To curb his cravings, Winston occupies his time with other things, getting involved in groups, activities, or going on the internet. “Unfortunately, I rely too heavily on these crutches and become unable to function without them, and they become unhealthy and it often seems like I am unable to do anything to a non-obsessive extent.”

Can addiction ever be good?

As I sat in Turner’s small, dimly lit office, I began to wonder whether there were positive aspects to addiction. For about five minutes we spoke about his paintings ­— his love for the art was clear, given the array of canvases strewn about the office. I asked him if he was addicted to painting. He said yes, adding that the difference was when a gambler gambles and loses, they’re in debt. For Turner’s addiction, the stakes are not as high.

“It’s been proposed that there are some behaviours that can be thought of as addictions which are not harmful, that they could be a positive addiction,” Turner said. He cited love as an example, but noted that, in some ways, addictions to substances and certain activities are essentially founded by the feeling of love, except that the feeling of love is directed toward unhealthy practices.

“Our brain’s all messed up, basically,” said Turner. “It doesn’t know what we’re being in love with. That has been suggested,” he speculated, “that people who are addicted are addicted because they didn’t get enough love or enough affection in life. It’s compensating. Nobody gets enough love so we should all be addicts.”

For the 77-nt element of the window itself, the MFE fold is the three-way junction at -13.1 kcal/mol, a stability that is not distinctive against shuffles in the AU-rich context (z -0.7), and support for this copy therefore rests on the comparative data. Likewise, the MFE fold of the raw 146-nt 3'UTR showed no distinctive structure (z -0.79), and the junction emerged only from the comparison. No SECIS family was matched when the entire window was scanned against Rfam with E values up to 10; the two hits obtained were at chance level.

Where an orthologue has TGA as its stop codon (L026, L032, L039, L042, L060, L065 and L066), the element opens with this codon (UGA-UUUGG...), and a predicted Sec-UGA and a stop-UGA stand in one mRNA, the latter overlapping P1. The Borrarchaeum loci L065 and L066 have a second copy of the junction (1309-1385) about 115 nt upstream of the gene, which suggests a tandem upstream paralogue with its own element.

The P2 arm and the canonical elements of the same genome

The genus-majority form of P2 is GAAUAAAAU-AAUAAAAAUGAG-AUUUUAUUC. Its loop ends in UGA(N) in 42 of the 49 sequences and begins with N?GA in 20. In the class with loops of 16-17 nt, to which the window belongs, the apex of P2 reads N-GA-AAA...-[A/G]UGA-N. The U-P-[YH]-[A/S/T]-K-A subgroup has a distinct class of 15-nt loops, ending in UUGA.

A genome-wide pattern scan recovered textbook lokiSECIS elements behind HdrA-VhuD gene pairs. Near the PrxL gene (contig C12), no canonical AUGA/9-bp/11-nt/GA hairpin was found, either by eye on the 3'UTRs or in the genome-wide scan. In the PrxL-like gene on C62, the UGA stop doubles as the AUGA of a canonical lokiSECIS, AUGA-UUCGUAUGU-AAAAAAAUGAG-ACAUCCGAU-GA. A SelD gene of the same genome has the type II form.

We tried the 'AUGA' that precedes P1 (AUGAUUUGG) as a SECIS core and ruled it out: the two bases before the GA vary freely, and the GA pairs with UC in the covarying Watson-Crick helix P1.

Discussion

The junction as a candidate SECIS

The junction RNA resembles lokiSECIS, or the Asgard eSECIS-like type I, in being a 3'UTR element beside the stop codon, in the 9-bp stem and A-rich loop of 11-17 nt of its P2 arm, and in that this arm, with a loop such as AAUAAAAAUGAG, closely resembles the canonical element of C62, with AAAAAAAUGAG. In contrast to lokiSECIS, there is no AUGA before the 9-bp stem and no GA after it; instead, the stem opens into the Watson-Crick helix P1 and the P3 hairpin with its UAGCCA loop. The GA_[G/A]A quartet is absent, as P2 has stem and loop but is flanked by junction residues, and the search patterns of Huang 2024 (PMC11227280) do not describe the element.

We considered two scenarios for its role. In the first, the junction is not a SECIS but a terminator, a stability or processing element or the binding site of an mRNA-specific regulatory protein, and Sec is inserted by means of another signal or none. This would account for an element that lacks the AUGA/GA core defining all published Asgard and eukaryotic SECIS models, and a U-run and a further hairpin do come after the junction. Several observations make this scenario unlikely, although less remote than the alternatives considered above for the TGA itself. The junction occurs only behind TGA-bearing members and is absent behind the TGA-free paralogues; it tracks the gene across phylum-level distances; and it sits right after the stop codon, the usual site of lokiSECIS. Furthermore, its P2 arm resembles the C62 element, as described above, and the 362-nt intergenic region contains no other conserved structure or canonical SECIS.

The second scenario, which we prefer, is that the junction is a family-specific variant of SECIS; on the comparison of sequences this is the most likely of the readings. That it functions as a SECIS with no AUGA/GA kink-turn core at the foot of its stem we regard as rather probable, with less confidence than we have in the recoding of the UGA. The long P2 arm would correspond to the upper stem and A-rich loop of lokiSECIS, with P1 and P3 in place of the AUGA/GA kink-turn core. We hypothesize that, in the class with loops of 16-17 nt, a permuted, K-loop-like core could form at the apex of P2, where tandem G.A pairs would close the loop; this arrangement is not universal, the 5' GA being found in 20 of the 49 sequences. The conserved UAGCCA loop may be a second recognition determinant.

A psychologist, a painter, and a philosopher, Turner and his insight helped me better understand what I’ve often struggled with my entire life. I certainly didn’t pay him to diagnose me, but nonetheless I walked out of his office with a lot to think about. I’ll be the first to admit that I take on a lot at once. Perhaps that’s part of my addictive personality, perhaps born of a need to prove myself, or an insatiable addiction to the numerous interests I occupy my time with.

So, as Sullivan observed and Turner concluded, some personality traits or types, particularly the impulsive ones, have a higher likelihood of becoming addicted.

“But there’s no addictive personality, per se,” said Turner. “No one is invulnerable to an addiction. People vary in their susceptibility to specific addictions, and some people are more susceptible to addictions in general, but I would say no one is invulnerable. [In] the right circumstances, a person could become addicted to something.”